Our object is a man, part artist, part adventurer, part showman, part idealist, the product of another age. George Catlin doesn't reside at the Smithsonian — he's been dead for more than a century — but hundreds of his paintings reside in the collections of the Smithsonian American Art Museum. And a number of his personal items are held by the National Museum of Natural History. These relics bring Catlin back to life, invigorated by his passion to capture on canvas the American Indians of the Wild West.
Catlin, a largely self-taught painter, was the first major white artist to portray the prairie tribes on their own turf. With smiles, gestures, often a few words translated by a trader or agent, he would get across to their chiefs what he wanted to do. Almost always they agreed to it readily. "I have been welcomed generally in their country," he wrote, "and treated to the best that they could give me, without any charges made for my board." Warriors of one tribe would escort him around enemy tribesmen, and "aided me in passing mountains and rivers with my awkward baggage...[and] no Indian ever betrayed me, struck me a blow, or stole from me a shilling's worth of my property...."
The artist sat for his own portrait in 1849, by his contemporary William Fisk. It resides in the collections of the Smithsonian's National Portrait Gallery. We see a trim, athletic man, dark-haired, with determination in his eyes. He looks capable of making his way among the often unpredictable tribes of the Great Plains. But the portrait doesn't reveal fully the irrepressible, almost reckless enthusiasm that sent this Pennsylvanian there in the first place. George Catlin was born at the tail end of the 18th century, in the village of Wilkes-Barre, Pennsylvania, and moved with his family up the Susquehanna into New York State. He writes that in this handsome countryside he spent his school years "with books reluctantly held in one hand, and a rifle or fishing-pole firmly and affectionately grasped in the other." Along with the outdoor life, he loved sketching and painting. But in deference to his lawyer father, he studied law in Litchfield, Connecticut, and began a practice of his own in Pennsylvania.
Then the urge to paint portraits intruded so forcibly that he tossed aside his law career and set up a studio in Philadelphia. Here, in the 1820s, the artist saw a delegation of Plains Indians on their way to Washington to greet their "Great Father" at the traditional Presidential meeting with tribal leaders from the West. Fascinated, Catlin vowed that "nothing short of the loss of my life, shall prevent me from visiting their country, and of becoming their historian."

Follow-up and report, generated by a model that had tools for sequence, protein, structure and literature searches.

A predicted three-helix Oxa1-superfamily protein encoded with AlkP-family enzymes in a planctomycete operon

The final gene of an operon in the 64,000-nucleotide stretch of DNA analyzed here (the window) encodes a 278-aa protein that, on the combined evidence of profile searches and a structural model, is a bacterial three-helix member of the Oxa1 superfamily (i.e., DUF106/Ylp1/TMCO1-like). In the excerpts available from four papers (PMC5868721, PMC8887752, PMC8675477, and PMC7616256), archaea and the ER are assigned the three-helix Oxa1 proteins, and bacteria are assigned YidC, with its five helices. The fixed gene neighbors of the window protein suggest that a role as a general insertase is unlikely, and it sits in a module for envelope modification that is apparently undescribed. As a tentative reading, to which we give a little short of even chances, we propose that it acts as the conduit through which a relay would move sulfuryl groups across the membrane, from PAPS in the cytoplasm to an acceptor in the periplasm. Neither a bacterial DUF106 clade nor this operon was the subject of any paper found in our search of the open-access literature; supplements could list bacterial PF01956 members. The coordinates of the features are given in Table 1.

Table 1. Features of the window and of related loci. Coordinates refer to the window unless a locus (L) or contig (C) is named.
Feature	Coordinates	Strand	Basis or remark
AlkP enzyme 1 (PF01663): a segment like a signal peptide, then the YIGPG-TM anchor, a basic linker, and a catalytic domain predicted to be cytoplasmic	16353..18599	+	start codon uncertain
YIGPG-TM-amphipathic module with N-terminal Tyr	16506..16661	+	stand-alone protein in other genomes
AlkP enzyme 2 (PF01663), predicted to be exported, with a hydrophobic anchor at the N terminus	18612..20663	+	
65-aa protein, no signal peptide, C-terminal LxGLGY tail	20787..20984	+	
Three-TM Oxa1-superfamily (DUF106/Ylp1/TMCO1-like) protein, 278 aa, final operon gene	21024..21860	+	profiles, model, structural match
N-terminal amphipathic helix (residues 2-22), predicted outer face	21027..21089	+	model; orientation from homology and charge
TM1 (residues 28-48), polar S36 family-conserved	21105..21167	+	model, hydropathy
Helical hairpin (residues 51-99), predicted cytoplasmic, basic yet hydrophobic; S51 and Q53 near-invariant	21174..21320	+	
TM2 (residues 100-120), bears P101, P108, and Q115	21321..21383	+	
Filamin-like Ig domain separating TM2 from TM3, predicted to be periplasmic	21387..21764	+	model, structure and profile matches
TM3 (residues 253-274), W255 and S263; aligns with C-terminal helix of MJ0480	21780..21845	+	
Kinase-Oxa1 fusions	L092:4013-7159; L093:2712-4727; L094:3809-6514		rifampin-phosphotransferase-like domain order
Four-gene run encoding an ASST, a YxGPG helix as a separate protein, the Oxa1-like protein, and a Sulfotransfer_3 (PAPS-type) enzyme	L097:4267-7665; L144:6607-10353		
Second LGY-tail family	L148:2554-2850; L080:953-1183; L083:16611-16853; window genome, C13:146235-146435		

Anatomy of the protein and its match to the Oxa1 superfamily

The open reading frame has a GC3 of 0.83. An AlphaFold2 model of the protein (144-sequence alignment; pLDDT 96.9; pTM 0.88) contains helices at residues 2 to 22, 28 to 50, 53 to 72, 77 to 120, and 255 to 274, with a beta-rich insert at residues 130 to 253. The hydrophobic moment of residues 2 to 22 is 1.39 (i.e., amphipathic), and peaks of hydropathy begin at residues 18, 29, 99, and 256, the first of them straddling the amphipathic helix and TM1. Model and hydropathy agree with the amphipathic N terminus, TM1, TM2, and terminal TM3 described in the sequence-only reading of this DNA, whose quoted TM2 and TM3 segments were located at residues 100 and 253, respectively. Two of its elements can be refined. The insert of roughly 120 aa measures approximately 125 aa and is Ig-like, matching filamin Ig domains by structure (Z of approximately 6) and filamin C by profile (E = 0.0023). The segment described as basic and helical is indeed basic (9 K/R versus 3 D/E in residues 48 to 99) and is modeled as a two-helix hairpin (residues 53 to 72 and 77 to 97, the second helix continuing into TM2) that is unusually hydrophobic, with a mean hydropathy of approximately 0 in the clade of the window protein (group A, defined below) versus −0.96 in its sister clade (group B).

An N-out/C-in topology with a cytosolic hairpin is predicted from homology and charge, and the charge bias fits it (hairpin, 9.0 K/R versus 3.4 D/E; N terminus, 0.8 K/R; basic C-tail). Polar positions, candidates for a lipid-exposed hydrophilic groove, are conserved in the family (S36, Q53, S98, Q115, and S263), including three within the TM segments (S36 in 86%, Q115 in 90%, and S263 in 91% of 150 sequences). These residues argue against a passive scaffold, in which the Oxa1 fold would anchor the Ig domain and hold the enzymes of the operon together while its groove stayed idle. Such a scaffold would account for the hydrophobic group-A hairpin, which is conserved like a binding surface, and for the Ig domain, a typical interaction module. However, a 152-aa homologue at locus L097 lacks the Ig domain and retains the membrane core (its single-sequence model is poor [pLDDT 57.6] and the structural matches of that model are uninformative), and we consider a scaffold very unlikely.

He broached the idea to friends and family, getting nothing but shocked surprise and dour predictions, but made the break anyway "from my wife and my aged parents." Again, he tossed in a career, this time as a socially acceptable Philadelphia portrait painter (he'd already painted New York's Gov. DeWitt Clinton), and took off.
In the spring of 1830, Catlin arrived in St. Louis, the jumping off point for the West, and was greeted by Gen. William Clark who, with Meriwether Lewis, had set out to cross the Plains 26 years before. Clark, now Superintendent of Indian Affairs, took the artist along on a trip up the Mississippi to Prairie du Chien to see a gathering of tribes and sample their costumes and customs.
After a trip East, apparently to raise more funds and visit his wife (so much for his dramatic vow to break all ties), in March 1832 Catlin was back in the West again. He boarded a steamboat belonging to the American Fur Company. Belching smoke, the Yellowstone thumped and wheezed up the Missouri for three months before depositing the artist beside the mouth of her namesake river, at today's Fort Union, North Dakota. Catlin moved into a bastion of the fur company fort, a trading center for Indians. "My easel stands before me, and the cool breech of a twelve-pounder makes me a comfortable seat," he noted. Here he brought many of his subjects to sit for him.
"I have this day been painting a portrait of the head chief of the Blackfoot nation ... surrounded by his own braves and warriors, and also gazed at by his enemies...." Blackfeet, Crow, Ojibwa, Assiniboin, Sioux, he painted them all, learning to spot their moods as well as to read the significance of their adornments, from moccasin decorations to scalp locks.
He headed for a Mandan village near present-day Bismarck, North Dakota, canoeing downstream with two trapper-guides, Bogard and Ba'tiste. Catlin describes "copses and clusters of plum trees and gooseberries, and wild currants, loaded down with their fruit" and "wild rose bushes...shedding sweet aroma."
One morning Bogard, a "wide-awake" Yankee, roused the others to "look at old Cale!" They found a huge grizzly ("Caleb" to the mountain men) that had pawed over everything in the canoe, spreading out their belongings in its search for food. But in land so rich in game, they could quickly restore their larder.